Antivirus Software Isn’t 100% Effective
You probably already know that installing an antivirus software program and keeping it up to date is a critical step in protecting your computer. This essential software uses virus signatures provided by software vendors to look for malware and stop it before it infects your PC (or Mac).
What you may not be aware of is that antivirus software does not offer total protection against malware infection. In fact, today’s malware authors will often use widely-available crypting services to ensure that their malware is completely undetectable by the majority of the antivirus software on the market.
Once they’ve made their malware “fully un-detectable,” the malware author is ready to deliver the AV-proof malware payload to their victims – often by way of a phishing email.
Beware of Phishing Emails and Social Engineering Attacks
What’s a “phishing email”? Phishing is a form of social engineering, a sophisticated threat involving the act of manipulating users into revealing confidential information or performing other actions detrimental to the user.
Phishing attacks use email or malicious websites to solicit personal information by posing as a trustworthy individual or organization. For example, an attacker may send email seemingly from a company executive or reputable financial institution that requests account information, often suggesting that there is a problem.
When an unsuspecting victim responds with the requested information, attackers can use that info to gain access to the accounts.
Phishing Email Examples
Take a look at the screenshot image below:
In this real-life example (which managed to bypass my email spam filtering only a few days ago), I received an email that appears to be from Square (a perfectly legitimate payment processing company that I happen to have an account with). The message is informing me of a problem (“Square Account Restricted”) and is urging me to click one of the links in the email for a “quick verification”.
In the screenshot image, I’ve highlighted several “red flags” I noticed in the message that clearly identify it as a phishing email. First, a legitimate company will NEVER send solicitations like this (unless you’ve initiated the request, like a password reset request, for example).
Second, the FROM address (“email@example.com”) is NOT an email/domain used by Square. Instead, it is faked or spoofed to look similar to a legit email address that would be used in an official communication from Square.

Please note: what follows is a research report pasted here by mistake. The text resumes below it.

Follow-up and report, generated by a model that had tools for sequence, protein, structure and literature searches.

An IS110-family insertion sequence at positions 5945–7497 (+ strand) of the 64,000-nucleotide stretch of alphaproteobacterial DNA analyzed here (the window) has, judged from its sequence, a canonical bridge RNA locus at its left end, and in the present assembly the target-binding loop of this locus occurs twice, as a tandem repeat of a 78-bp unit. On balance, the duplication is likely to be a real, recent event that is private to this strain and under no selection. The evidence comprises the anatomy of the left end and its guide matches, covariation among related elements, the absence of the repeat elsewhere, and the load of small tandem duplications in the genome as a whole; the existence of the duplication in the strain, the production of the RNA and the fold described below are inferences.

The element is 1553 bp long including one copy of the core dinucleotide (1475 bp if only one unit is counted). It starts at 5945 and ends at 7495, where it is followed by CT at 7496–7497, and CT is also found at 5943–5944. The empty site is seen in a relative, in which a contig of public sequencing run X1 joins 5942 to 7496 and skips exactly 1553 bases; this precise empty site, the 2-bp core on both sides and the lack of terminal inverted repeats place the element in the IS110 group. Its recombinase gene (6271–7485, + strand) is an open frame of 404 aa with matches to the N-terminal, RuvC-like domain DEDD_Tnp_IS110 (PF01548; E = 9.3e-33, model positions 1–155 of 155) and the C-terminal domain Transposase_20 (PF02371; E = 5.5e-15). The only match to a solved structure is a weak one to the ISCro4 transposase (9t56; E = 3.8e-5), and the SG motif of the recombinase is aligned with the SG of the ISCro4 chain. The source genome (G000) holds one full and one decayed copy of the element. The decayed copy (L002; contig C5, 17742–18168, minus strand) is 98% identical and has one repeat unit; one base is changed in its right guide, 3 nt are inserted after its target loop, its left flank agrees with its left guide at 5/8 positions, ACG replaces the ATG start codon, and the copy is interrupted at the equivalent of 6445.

Third, by mousing over one of the links in the message I can see that the actual URL the link would take me to (“http://allenkero.com/up”) is NOT a legit domain name used by Square.
These red flags all point to a phishing email scam: the sender of this email was posing as a trusted organization (Square) and attempting to use that trust to get me to click on a potentially malicious URL link. (I did not click the link. Instead, I took a screenshot of the message and then promptly deleted it.)
In another recent real-life example (see screenshot), I received an ambiguous message from “Cailin Mcclain” concerning a mysterious monetary transaction. The message is deliberately vague, inviting me to download and open an attached Microsoft Word Document that most likely contains a macro virus (I can’t say for sure, because I didn’t open it!)
Phishing Emails: Common Traits and Tactics
The scope of phishing attacks is constantly expanding, but frequent offenders tend to:
- Embed a link in an email that redirects the user to an unsecured website that requests sensitive information
- Install a Trojan via a malicious email attachment or ad which will allow the intruder to exploit loopholes and obtain sensitive information
- Spoof the sender address in an email to appear as a reputable source and request sensitive information
- Attempt to obtain company information over the phone by impersonating a known company vendor or IT department
Hackers and malware authors are very clever, and oftentimes it can be tough to tell the difference between a legitimate email and a phishing email. The bottom line is: don’t open email from unknown sources.
Be suspicious of unexpected emails that include attachments whether they are from a known source or not. When in doubt, delete the file and the attachment, and then empty your computer’s deleted items file. Don’t click on any URLs or links in the email if you are not sure of it’s origin.
Please watch out for phishing emails and other social engineering attacks. If you’re concerned about your cyber security and need help with anything discussed in this article, feel free to contact us.